Verisk Analytics Inc.
has struck a deal to sell its energy-consulting arm, Wood Mackenzie, to private-equity firm Veritas Capital in a transaction valued at $3.1 billion or more.
The transaction, expected to be unveiled later Monday, comes after the company kicked off a strategic review in 2021, Chief Executive
told The Wall Street Journal. Veritas could pay up to an additional $200 million depending on how well it does on the investment, he said.
Jersey City, N.J.-based Verisk, with a market value of some $28 billion, provides data-driven-analysis tools for the insurance and energy industries. Its services are meant to help with insurance underwriting and claims, economic forecasting and assessing geopolitical risks. The deal will allow Verisk to focus exclusively on insurance, Mr. Shavel said.
Verisk acquired Edinburgh-based Wood Mackenzie for £1.85 billion (then $2.8 billion) in 2015, in a bid to boost its international operations and widen its product offering. It was part of a string of acquisitions of data businesses to allow Verisk to build upon its base of insurance customers.
Mr. Shavel joined Verisk in 2017, first serving as chief financial officer until he was promoted to CEO in late May of this year. Last year, management kicked off a portfolio review meant to sharpen Verisk’s focus on its core growth engines, chiefly its insurance business.
So far this year, Verisk has already announced two deals as part of the push.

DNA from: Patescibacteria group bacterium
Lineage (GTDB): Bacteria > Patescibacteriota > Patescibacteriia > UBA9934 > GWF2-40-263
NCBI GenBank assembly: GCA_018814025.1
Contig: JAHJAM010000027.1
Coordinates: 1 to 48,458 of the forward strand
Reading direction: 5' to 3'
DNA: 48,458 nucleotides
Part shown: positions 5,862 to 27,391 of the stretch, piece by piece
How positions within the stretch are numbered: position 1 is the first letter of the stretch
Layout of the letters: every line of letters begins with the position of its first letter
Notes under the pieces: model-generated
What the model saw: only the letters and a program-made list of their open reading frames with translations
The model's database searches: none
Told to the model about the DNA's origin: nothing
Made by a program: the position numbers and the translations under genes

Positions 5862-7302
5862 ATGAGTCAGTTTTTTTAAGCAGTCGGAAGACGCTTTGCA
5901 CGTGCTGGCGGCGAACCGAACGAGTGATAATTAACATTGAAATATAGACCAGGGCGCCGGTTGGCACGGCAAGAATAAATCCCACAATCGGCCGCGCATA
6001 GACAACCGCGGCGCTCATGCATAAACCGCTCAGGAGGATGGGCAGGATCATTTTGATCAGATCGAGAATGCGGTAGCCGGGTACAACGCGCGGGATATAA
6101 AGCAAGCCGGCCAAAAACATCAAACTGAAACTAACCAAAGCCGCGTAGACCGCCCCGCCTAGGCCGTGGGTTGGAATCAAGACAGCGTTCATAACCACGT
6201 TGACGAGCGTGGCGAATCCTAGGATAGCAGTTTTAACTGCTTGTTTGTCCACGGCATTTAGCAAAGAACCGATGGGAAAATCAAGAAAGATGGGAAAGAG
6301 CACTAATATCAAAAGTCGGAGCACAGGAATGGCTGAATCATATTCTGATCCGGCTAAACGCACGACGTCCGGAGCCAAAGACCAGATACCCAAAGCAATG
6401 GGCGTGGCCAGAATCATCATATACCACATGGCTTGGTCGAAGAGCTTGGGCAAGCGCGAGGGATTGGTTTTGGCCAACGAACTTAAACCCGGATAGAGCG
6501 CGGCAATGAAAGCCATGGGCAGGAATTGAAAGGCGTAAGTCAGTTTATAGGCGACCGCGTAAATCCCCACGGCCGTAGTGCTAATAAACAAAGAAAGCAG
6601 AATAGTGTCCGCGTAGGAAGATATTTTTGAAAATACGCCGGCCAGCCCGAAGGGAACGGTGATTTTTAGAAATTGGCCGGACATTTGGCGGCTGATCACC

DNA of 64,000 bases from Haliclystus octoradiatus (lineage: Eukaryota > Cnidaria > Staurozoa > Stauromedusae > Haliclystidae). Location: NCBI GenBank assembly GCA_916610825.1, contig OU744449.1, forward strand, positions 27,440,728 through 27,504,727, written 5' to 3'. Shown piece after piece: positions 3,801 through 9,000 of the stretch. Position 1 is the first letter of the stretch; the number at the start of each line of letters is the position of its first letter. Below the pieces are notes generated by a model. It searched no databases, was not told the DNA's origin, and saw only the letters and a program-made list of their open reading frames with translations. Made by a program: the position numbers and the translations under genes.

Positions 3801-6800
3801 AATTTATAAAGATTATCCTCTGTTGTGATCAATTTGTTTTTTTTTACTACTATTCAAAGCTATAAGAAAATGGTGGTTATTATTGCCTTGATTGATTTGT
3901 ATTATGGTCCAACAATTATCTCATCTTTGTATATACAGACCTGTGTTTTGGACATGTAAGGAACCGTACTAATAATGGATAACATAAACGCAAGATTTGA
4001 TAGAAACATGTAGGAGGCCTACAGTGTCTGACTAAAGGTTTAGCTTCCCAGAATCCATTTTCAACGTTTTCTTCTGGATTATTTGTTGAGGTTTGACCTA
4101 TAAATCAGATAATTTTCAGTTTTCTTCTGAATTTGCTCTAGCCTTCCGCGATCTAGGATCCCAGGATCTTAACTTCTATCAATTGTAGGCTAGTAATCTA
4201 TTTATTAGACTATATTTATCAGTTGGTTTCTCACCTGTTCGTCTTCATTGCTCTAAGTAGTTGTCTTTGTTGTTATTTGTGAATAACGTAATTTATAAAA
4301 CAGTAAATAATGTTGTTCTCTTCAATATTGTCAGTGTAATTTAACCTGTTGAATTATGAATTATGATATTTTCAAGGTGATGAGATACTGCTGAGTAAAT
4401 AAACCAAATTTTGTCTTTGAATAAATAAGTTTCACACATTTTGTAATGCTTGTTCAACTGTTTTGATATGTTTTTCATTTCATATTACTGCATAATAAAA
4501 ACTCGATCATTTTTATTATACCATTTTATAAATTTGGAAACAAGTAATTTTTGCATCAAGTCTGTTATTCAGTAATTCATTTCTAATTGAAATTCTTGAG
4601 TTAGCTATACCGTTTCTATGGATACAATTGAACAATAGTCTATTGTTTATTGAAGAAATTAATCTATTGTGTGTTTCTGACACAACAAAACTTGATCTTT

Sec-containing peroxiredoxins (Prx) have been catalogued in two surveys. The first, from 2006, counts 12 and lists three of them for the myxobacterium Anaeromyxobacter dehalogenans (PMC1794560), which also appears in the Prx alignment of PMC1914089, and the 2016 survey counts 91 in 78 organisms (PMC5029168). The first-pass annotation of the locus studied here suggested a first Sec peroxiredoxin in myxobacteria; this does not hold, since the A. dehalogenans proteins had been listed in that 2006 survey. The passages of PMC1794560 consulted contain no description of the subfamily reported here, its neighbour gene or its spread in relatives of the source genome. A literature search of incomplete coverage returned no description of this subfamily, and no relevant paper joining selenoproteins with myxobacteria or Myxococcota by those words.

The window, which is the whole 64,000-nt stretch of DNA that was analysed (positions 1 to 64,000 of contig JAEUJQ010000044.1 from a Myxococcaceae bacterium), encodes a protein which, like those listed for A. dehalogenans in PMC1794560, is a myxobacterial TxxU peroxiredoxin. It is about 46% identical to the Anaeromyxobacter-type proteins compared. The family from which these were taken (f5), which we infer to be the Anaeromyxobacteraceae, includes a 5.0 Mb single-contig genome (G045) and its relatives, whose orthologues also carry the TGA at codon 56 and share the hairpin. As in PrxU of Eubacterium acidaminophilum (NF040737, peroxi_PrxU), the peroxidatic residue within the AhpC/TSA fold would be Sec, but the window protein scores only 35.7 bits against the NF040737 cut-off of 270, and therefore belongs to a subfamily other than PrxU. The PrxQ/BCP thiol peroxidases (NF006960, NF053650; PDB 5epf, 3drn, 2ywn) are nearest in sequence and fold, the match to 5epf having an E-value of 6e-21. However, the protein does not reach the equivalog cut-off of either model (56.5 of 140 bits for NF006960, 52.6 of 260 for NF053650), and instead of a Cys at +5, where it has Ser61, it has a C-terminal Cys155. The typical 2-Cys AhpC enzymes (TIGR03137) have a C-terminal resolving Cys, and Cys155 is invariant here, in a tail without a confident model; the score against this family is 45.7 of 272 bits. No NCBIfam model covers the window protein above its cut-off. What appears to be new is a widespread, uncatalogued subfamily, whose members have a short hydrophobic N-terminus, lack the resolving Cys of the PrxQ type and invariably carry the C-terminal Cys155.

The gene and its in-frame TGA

In January, it agreed to sell its 3E business, which had been part of its energy and specialized markets segment, to New Mountain Capital, a New York-based investment firm, for at least $630 million. In February, it announced a deal to sell its financial-services business, Verisk Financial Services, to
for $515 million.
In March, New York-based hedge-fund firm D.E. Shaw & Co. issued a public letter to Verisk shareholders urging the company to commit to becoming a pure-play insurance business. (Verisk and D.E. Shaw had been holding private talks since October 2021.)
The activist built a significant stake in Verisk and called on it to continue selling noncore businesses. It also asked for several governance changes.
Verisk responded by nominating three new independent directors to its board and vowing to pursue some sort of transaction for its energy arm.
Mr. Shavel said investors more recently started to sour on Verisk’s involvement in businesses outside of insurance. The sale of Wood Mackenzie, along with the other recent transactions, should bring the company “back to our roots,” he said.
Verisk plans to use the proceeds to pay down debt and pursue share repurchases. It is expected to report third-quarter earnings after the market closes on Tuesday.
Write to Lauren Thomas at firstname.lastname@example.org
Copyright ©2022 Dow Jones & Company, Inc. All Rights Reserved. 87990cbe856818d5eddac44c7b1cdeb8